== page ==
Tax Cuts, Part 2: Trump Wants Another Crack at the Code

Tax Cuts, Part 2: Trump Wants Another Crack at the Code


The tax overhaul may not be generating the kind of political momentum Republicans were hoping for, but that’s not stopping them from talking about another round of tax cuts.

President Trump has been hinting at a second Republican tax package, most recently Wednesday at a Boeing factory in St. Louis, where he told a group of supporters, “We’re now going for a phase two.”

House Ways and Means Chair Kevin Brady (R-TX), one of the lawmakers who played a key role in pushing the tax cuts through in December, told Fox Business Wednesday, “We think even more can be done,” while noting that tax cuts for families are “not yet permanent.”

The individual tax cuts expire after 2025, though Republicans have been saying they would like to see them made permanent ever since the bill passed. According to a recent paper by Harvard economists Jason Furman and Robert Barro, making the expiring provisions permanent would cost an additional $500 billion in lost revenue, while boosting GDP by an additional 0.8 percent over 10 years.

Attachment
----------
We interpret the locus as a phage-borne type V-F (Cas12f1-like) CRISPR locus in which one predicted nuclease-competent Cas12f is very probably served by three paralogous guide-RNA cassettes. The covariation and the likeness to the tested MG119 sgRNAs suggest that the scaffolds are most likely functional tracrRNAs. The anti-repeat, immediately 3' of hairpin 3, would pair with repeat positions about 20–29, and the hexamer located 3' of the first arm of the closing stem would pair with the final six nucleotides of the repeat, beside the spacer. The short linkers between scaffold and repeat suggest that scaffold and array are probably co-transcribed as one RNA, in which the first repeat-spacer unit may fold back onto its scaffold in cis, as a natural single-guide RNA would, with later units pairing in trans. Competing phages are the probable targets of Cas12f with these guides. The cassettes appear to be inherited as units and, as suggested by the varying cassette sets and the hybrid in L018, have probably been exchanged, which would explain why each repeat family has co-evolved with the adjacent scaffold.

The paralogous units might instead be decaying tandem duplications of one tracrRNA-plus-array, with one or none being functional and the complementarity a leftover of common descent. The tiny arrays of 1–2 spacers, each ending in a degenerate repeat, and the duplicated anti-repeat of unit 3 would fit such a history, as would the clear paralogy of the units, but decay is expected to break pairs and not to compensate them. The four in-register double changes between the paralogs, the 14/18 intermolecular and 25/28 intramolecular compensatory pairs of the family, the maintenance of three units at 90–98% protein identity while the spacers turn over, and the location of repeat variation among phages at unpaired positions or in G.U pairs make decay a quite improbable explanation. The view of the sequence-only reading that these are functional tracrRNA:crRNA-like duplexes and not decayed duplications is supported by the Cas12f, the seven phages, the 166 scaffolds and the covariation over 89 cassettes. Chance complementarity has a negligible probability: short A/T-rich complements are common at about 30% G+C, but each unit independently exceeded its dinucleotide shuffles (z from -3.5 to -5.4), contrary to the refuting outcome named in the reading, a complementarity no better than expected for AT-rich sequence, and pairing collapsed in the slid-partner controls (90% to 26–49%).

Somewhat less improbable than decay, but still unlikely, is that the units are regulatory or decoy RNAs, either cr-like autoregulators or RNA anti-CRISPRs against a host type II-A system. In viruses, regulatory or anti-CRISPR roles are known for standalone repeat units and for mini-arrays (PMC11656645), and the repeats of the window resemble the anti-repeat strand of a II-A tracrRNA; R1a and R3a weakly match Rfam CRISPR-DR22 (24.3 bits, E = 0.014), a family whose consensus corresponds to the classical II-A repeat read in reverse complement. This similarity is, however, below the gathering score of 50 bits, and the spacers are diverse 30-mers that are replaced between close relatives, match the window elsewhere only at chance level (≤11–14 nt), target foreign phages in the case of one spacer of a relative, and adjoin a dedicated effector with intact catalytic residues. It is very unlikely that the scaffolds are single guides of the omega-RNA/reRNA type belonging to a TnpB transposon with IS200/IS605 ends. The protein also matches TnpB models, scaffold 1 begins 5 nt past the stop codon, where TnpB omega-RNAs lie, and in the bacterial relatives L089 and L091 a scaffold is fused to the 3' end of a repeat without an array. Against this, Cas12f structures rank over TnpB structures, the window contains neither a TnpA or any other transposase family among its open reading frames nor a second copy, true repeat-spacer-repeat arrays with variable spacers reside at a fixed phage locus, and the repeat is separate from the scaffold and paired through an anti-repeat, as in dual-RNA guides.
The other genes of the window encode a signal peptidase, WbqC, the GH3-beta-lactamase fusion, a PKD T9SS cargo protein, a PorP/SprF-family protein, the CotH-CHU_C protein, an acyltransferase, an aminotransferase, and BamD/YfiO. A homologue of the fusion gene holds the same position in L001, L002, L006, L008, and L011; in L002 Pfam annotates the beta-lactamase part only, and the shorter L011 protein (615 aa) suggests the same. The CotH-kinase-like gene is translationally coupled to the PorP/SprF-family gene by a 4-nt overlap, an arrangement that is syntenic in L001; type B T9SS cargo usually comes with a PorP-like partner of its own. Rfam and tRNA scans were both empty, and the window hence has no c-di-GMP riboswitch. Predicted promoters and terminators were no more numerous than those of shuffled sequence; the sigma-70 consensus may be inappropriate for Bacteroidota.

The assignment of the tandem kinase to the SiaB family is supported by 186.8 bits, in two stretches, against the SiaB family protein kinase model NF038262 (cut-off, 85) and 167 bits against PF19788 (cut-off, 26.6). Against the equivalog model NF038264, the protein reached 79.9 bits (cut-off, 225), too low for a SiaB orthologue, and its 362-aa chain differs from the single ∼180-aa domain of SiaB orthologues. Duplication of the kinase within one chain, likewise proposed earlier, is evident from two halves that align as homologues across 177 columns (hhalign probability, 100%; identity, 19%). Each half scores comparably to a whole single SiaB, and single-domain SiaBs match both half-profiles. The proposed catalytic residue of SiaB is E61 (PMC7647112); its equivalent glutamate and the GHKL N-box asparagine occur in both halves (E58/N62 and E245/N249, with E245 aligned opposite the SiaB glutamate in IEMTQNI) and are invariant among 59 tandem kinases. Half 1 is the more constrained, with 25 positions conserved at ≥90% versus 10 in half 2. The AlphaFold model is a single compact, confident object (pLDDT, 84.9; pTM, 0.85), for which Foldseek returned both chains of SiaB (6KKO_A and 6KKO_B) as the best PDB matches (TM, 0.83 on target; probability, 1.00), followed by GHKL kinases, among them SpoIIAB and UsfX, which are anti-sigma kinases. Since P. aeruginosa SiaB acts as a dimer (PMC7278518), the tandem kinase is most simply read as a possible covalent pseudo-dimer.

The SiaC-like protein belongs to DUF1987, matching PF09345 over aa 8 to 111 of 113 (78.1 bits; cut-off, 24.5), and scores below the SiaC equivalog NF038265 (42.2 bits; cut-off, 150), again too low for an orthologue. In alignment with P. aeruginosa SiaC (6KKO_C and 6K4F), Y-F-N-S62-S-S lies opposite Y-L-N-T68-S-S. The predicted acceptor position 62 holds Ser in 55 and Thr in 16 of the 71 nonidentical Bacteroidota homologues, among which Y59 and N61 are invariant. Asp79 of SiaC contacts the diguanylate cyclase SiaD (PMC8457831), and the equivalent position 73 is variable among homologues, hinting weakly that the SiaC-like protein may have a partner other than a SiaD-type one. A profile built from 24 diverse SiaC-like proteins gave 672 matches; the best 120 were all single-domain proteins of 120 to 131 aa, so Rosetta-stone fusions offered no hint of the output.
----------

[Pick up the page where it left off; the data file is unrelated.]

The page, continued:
Politico speculated that in addition to the individual provisions, a new tax package could take aim at capital gains taxes. "A second tax-cut proposal would also give Republicans a chance to revive a number of ideas they were forced to drop during consideration of their tax-code rewrite, such as a long-sought cut in the capital gains tax rate,” Politico’s Brian Faler wrote.

Larry Kudlow, Trump’s new top economic advisor, touched on both issues Wednesday, telling CNBC that “individuals deserve a permanent break,” and that he would like to see the capital gains tax cut, with the rate indexed to inflation.